I Corinthians 12:12-27
For some time now, our congregation has been involved in the dialogue between science and religion.
Yet this morning we heard those almost embarrassingly unscientific words of the prophet Isaiah: “The trees shall clap their hands.”
Years ago in another church, I used those words in a call to worship to the great consternation of one of the members, who just could not accept the imagery of this phrase, who could not understand in any way what the prophet might have meant.
After all, trees don’t have hands.
And they certainly don’t break out into applause.
The physicist, Mark Harris, is a professor in the area of science and theology at Edinburgh University. He suggests that the words of Isaiah can speak to us in at least four different ways—with not one way exclusive of the others.
It is figure of speech expressing our human worship of God.
It reflects an ancient, prescientific sense that the world is filled with spirits, a world in which God speaks through thunderstorm or burning bush.
It expresses the worship that all of creation gives to God simply by being itself; as Thomas Merton put it: “A tree gives glory to God by being a tree.”
It looks forward to the day when suffering ends and all of nature offers praise to God.[i]
My guess is that the trees were not clapping this past week when the majestic and iconic European larch tree on the Pentecrest was felled by the winds of the storm that passed through here late last Monday night. They might, however, have joined with the many human beings who felt the loss of this beautiful creature, what one person called the most “magical tree on campus.”
I had been thinking about trees as a part of our planet’s vast biodiversity that we are celebrating during this liturgical Season of Creation. The loss of that great larch is an occasion for all of us to give deeper consideration to trees. We are invited to hold the trees of the field in our awareness that we might discover something new, that we might have a greater appreciation for the things of this world in which we live.
Paul Tillich, the great 20th century theologian, recalled sitting under a tree with a great biologist. Suddenly the biologist said: “I would like to know something about this tree!” Tillich, of course thought that this biologist already knew everything that science had to say about the tree, so he asked what he meant.
The biologist answered: “I want to know what this tree means for itself. I want to understand the life of this tree. It is so strange, so unapproachable.”[ii]
It was one of those moments when science and religion came together, as they often do, not in conflict but with a sense of wonder toward the creative ground of nature.
What do we know of trees?
How do we understand their life?
It’s been said that since Darwin, we have generally thought of trees as striving, disconnected loners, competing for water, nutrients and sunlight, with the winners overshadowing the losers and taking their food and water. The timber industry, in particular, sees forests as wood-producing systems and battlegrounds for survival of the fittest.[iii]
In recent decades, however, many who seek to know about trees have looked, not just at individual trees, but at the vast cooperation of entire ecosystems.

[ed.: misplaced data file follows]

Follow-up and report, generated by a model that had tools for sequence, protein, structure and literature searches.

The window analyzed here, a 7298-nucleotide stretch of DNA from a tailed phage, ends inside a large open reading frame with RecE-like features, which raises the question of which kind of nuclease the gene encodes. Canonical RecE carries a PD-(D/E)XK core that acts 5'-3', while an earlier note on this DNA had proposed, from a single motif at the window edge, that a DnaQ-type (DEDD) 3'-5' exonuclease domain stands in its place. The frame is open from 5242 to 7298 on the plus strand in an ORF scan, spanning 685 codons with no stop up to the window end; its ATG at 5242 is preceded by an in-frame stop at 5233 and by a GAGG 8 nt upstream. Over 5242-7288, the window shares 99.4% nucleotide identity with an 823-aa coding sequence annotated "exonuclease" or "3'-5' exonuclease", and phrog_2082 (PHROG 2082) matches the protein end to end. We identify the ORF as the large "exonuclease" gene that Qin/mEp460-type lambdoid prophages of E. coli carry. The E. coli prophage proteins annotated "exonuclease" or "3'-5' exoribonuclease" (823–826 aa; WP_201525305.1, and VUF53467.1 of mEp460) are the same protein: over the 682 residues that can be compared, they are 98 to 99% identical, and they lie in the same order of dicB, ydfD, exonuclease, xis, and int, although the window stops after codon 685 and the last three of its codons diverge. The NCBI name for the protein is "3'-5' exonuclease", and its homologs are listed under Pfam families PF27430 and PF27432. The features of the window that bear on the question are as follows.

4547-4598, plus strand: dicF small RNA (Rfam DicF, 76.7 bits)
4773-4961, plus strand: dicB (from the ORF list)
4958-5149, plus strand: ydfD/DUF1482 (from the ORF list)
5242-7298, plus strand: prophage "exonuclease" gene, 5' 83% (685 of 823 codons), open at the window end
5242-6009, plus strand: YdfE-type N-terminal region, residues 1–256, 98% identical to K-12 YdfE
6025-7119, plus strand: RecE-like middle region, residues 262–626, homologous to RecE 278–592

Douglas Rushkoff put it this way: “A tree is not a singular tree at all; it is the tip of a forest. Pull back far enough to see the whole and one tree’s struggle for survival merges with the more relevant story of its role in sustaining the larger system.”[iv]
When Suzanne Simard was getting her degree at the School of Forestry at Yale—and, yes, it always surprises me that they take trees that seriously in New Haven, in much the same way that others are surprised to find out that there is a Divinity School at Harvard—she studied the interactions between the paper birch and Douglas fir.
Simard found that like all trees all over the world, the paper birch and Douglas fir form a symbiotic association with below-ground fungi. These are fungi that are beneficial to the trees and through this association, the fungus, which can’t photosynthesize, explores the soil. Basically, it sends mycelium, or threads, all through the soil, picks up nutrients and water, brings them back to the tree, and exchanges those nutrients and water for sugar or other substances made by photosynthesis from the plant. The tree is fixing carbon and then trading it for the nutrients that it needs for its metabolism. It works out for both of them.
It’s this network that connects one tree root system to another tree root system, so that nutrients and carbon and water can be exchanged between the trees. In a natural forest of British Columbia, paper birch and Douglas fir grow together. Yes, they compete with each other, but they also cooperate with each other by sending nutrients and carbon back and forth through their networks.
The trees work together. When the Douglas fir becomes shaded in the summertime, the more excess carbon the birch has goes to the fir. Then later in the fall, when the birch is losing its leaves and the fir has excess carbon because it is still photosynthesizing, the net transfer of this exchange goes back to the birch.
It is not so much competition as cooperation.
When Simard first wrote about the interaction between trees over twenty years ago, she was warned not to call this “communication.” These were plants, after all.
Now she freely uses phrases like “forest wisdom” and “mother trees.”[v]
For Peter Wohlleben, the German forester and author of The Hidden Life of Trees, the trees have become vibrantly alive and charged with wonder. They were communicating with one another. They’re involved in tremendous struggles and death-defying dramas. To reach their enormous size, they depend on a complicated web of relationships, alliances and kinship networks.